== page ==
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Hunger Games Trailer Released

Monday, November 14th, 2011 | Posted by Andrew Zimmerman Jones

200px-hunger_gamesYoung adult fiction has a lot going for it in recent years. In the wake of the Harry Potter craze, there’s an entire generation of young people who have grown up with the understanding that reading is a cool way to spend your time and entertain yourself.

Certainly, there has been some fall out from this positive trend. Personally, I can’t stand the Twilight films (although, in fairness, my wife assures me that the novels are much better), which have definitely inherited the youth mania mantle from young Mr. Potter. Vampires and zombies are all the rage, often because it’s what this “Harry Potter generation” seems to be choosing to read.

While the fantasy and young adult horror genres have had commercial success, there’s also been a growth among young adult science fiction. Specifically, dystopian science fiction set in an indistinct future era, focusing mostly on social issues. This sort of “soft science fiction” has long been part of the genre, but it’s really coming into its own withsome of the recent series. Among them was Scott Westerfeld’s fantastic Uglies trilogy (Amazon, B&N), now being made into a film, and Ally Condie’s Matched (Amazon, B&N) and Crossed (Amazon, B&N). These books speak to young people, in part because it resonates with the ever-present sense among the young that the world isn’t fair and that the people with power to make things better don’t care or, even worse, are actively out to get them. In these books, that is often quite literally the case.

Perhaps foremost in popularity among this dystopian sub-genre of young adult fiction – and rightly so – is Suzanne Collins’ stunning The Hunger Games trilogy. In the unspecified future setting of this series, young people are selected through a lottery-style system to participate in a brutal battle to the death, from which only one person can survive. The first full (non-teaser) trailer has released, and to their credit it focuses on story over action and violence. Honestly, both my wife and I were almost moved to tears by it!

Image of the lead character, Katniss, from The Hunger Games film.

Image of the lead character, Katniss, from The Hunger Games film.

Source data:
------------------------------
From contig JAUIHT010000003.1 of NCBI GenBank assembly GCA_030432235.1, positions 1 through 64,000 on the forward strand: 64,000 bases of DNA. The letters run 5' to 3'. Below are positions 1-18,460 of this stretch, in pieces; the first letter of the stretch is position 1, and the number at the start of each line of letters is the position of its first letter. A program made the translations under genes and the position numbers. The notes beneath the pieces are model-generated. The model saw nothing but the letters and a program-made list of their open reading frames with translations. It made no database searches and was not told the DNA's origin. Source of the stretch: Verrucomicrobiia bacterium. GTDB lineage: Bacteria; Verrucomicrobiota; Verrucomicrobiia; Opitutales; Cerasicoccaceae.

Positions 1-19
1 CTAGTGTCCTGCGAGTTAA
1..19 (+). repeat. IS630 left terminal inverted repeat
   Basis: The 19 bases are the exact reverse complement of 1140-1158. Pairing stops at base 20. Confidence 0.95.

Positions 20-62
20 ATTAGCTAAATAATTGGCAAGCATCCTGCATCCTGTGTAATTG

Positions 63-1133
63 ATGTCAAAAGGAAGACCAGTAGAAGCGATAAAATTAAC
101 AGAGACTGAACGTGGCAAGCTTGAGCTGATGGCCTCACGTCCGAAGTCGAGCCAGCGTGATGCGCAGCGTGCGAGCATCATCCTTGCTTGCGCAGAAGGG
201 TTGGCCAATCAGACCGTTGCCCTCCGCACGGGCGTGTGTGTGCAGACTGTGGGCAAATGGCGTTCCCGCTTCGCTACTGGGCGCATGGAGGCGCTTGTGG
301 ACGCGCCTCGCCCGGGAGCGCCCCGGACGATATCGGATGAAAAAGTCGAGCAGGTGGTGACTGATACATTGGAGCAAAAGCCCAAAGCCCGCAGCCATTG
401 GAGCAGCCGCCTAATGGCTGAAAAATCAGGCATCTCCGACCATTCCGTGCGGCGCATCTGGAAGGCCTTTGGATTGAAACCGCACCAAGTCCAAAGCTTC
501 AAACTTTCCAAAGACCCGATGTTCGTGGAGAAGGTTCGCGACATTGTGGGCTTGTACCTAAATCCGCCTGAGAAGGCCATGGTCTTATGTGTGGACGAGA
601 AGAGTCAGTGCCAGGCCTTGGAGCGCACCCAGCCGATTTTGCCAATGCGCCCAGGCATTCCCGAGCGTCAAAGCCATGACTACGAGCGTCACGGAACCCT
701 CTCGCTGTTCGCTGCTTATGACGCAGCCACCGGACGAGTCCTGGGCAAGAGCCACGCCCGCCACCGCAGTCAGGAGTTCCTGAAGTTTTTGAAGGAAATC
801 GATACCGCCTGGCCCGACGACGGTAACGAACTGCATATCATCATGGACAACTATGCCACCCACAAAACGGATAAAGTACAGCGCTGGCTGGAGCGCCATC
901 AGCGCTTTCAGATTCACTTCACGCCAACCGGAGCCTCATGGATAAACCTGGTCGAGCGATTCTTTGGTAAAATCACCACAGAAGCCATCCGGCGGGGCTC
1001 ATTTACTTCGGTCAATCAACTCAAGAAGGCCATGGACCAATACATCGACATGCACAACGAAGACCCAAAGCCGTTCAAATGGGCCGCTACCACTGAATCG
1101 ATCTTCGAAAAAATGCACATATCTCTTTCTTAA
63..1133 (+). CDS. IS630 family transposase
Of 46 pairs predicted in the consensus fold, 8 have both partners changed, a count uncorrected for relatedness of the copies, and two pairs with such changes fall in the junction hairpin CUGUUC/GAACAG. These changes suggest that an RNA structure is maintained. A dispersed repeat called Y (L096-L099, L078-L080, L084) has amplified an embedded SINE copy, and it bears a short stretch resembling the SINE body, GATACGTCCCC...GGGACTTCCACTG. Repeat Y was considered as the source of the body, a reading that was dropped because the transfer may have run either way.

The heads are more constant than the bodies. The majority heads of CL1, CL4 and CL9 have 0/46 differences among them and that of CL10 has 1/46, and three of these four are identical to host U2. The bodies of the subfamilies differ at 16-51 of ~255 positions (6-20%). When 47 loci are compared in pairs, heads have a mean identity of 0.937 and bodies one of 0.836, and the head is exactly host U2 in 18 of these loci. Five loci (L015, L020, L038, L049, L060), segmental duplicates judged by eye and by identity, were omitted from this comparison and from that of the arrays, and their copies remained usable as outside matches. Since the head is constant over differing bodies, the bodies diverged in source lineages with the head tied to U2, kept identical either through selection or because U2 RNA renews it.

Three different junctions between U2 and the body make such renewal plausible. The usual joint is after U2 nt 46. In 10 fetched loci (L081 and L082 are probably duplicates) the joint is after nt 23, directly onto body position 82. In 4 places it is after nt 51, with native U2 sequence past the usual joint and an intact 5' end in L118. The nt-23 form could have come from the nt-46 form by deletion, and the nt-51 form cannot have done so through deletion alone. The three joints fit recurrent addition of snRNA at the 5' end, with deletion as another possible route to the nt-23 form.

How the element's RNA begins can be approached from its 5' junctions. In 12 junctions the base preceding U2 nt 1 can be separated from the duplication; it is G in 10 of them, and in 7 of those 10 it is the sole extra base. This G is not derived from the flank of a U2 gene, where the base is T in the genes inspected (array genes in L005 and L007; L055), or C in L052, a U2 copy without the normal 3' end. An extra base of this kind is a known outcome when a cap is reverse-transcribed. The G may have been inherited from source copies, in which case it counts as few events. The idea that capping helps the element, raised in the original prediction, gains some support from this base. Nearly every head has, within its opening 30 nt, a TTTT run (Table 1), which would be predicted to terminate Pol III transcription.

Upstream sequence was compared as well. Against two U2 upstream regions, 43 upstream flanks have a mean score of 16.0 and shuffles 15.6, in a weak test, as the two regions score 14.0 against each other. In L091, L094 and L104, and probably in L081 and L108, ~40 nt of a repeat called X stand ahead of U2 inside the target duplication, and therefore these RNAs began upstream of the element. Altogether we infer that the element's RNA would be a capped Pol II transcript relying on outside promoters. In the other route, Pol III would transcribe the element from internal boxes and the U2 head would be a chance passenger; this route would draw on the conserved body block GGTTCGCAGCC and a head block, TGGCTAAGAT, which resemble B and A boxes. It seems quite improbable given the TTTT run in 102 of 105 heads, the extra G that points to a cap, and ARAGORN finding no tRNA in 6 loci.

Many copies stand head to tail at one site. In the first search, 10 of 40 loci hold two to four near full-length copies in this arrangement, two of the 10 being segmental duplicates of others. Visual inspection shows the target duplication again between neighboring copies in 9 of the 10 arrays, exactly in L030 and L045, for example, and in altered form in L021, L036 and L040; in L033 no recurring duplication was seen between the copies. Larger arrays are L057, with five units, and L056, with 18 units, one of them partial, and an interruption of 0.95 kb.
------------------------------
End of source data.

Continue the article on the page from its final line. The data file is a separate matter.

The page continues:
It’s not that the premise is inherently that original. If you’re well read, you may even recognize elements of a formula. Take Shirley Jackson’s classic short story “The Lottery,” mix with some of Stephen-King-writing-as-Richard-Bachman’s The Running Man (Amazon, B&N), and make the protagonists teenagers. Though not necessarily evident from the trailer, there is also the requisite angst-filled love triangle.

The brilliance of Collins’ storytelling is that she deftly throws plot twists in left and right, and they all make perfect sense within the story. Not once does it really feel like she’s cheating in how she approaches the characters or their story. She’s set up a premise where it’s almost certain that the majority of the major characters, including some of those that we grow to love, will be killed off … and yet she constantly keeps juggling between offering hope and then yanking it away. Again, there’s little question why this novel resonates so strongly with young adult readers!

Another reason that I love this new soft science fiction move in young adult fiction is that back in the day when I was a young adult reader, I sought out books that made me think. These do that, as evidenced by some of the related material. For example, I jumped at the chance to participate in an anthology about it, The Hunger Games and Philosophy (Amazon, B&N), which is due out in February. In my essay, I use game theory to analyze some of the structure of the Hunger Games, why certain decisions make sense (or don’t) within their world, and how game theory can be used to understand Katniss’ response to the situations.  Nor is this collection the only one of its kind. The fantastic Smart Pop Books series has released a great book, The Girl Who Was on Fire (Amazon, B&N), where several popular authors discuss the series.